Hippolytus, Hippolyte

Gender: Masculine
Origin: Greek ‘Ιππολυτος
Meaning: “freer of horses.”
Eng (hip-PAHL-ih-tus); Eng Fem (HIP-poh-LY-tee; hi-PAHL-i-tah) Fre (EEP-poh-LEET)

The name is derived from the Greek, Hippolytos (‘Ιππολυτος), which is composed of the elements, hippos (‘ιππος), meaning, “horse” and lyo (λυω) meaning, “to loosen.”

The name was borne in Greek mythology by a son of Theseus, and depending on some sources either the Amazon, Hippolyte (hence the name) or Antiope. He rejected the advances of his step-mother, Phaedra, who, when spurned, complained to Theseus that his son had raped her. In anger, Theseus cursed his own son, using of the his three wishes granted by Poseidon, Hippolytus was dragged to death by his horses after being frightened by a sea-monster. The story was retold both by Euripides in his play Hippolytus and by Seneca the Younger in his play, Phaedra.

His possible birth mother of Hippolyte was an Amazonian queen who possessed a magical girdle which denoted her rank. She appears in the legend of Hercules who seeks her girdle for the princess, Admeta. Hippolyte is so impressed with the immortal’s prowess that she gives Hercules her girdle as a gift. William Shakespeare may have based his character of Hippolyta who appears in A Midsummer’s Night Dream off of Hippolyte the Amazon queen.

The male form of Hippolytus appears several more times throughout Greek mythology as the name of minor characters.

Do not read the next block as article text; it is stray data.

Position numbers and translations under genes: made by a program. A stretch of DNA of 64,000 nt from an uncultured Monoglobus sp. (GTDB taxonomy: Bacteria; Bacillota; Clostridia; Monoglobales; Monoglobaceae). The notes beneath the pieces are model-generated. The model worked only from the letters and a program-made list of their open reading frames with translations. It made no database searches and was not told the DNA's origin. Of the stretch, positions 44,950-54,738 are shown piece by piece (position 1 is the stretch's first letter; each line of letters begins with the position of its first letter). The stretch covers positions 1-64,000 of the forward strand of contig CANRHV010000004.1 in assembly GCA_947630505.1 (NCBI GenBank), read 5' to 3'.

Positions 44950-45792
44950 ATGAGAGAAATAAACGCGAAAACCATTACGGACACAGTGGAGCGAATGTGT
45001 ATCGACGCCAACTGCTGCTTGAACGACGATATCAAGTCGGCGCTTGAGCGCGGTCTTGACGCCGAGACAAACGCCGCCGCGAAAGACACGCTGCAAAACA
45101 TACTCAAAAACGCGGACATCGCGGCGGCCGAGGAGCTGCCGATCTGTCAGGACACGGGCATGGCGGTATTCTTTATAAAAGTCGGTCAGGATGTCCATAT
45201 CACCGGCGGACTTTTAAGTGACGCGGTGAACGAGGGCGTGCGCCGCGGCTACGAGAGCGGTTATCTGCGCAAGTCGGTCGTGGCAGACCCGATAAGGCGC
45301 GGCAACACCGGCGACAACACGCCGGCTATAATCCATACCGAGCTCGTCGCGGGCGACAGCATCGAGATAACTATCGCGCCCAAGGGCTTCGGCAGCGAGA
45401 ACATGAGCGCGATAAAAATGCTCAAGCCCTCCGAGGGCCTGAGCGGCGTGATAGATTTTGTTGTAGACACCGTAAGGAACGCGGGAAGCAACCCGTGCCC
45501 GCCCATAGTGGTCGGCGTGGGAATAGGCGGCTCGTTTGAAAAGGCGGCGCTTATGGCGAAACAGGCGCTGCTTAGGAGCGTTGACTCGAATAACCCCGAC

It was also borne by some early renowned Christian saints, including Hippolytus of Rome a 3rd-century Christian theologian, writer and martyr.

In English and early Greek, Hippolyte often appears as a feminine form, but in French, it is an epicène name, that is a unisex name, however, it is more often used on males than on females. As of 2009, Hippolyte was the 286th most popular male name in France.

Other forms of the name include:

  • Ipolit Иполит (Bulgarian/Serbian)
  • Hipòlit (Catalan)
  • Hipolit (Croatian/Polish/Romanian/Slovak)
  • Hippolyt (Czech/German)
  • Hippolytus (Dutch/English/Latin)
  • Hippolyte (French)
  • Ipolite იპოლიტე (Georgian)
  • Hippolütosz (Hungarian)
  • Ippolito (Italian)
  • Hipolitas (Lithuanian)
  • Hipólito (Portuguese/Spanish)
  • Ippolit Ипполит (Romansch/Russian/Ukrainian)
  • ‘Ipołito (Venetian)
Feminine forms include:
  • Hipolita Хиполита (Albanian/Bulgarian/Serbian)
  • Ipalita Іпаліта (Belarusian)
  • Hipòlita (Catalan)
  • Hippolyta ‘Ιππολυτη (English/Greek/Latin/Romanian)
  • Hippolyte ‘Ιππολυτη (English/French/Greek)
  • Hippolüté (Hungarian)
  • Ippolita Ипполи́та (Italian/Russian/Ukrainian)
  • Hipolitė (Lithuanian)
  • Hippolita (Polish)
  • Hipólita (Portuguese/Spanish)

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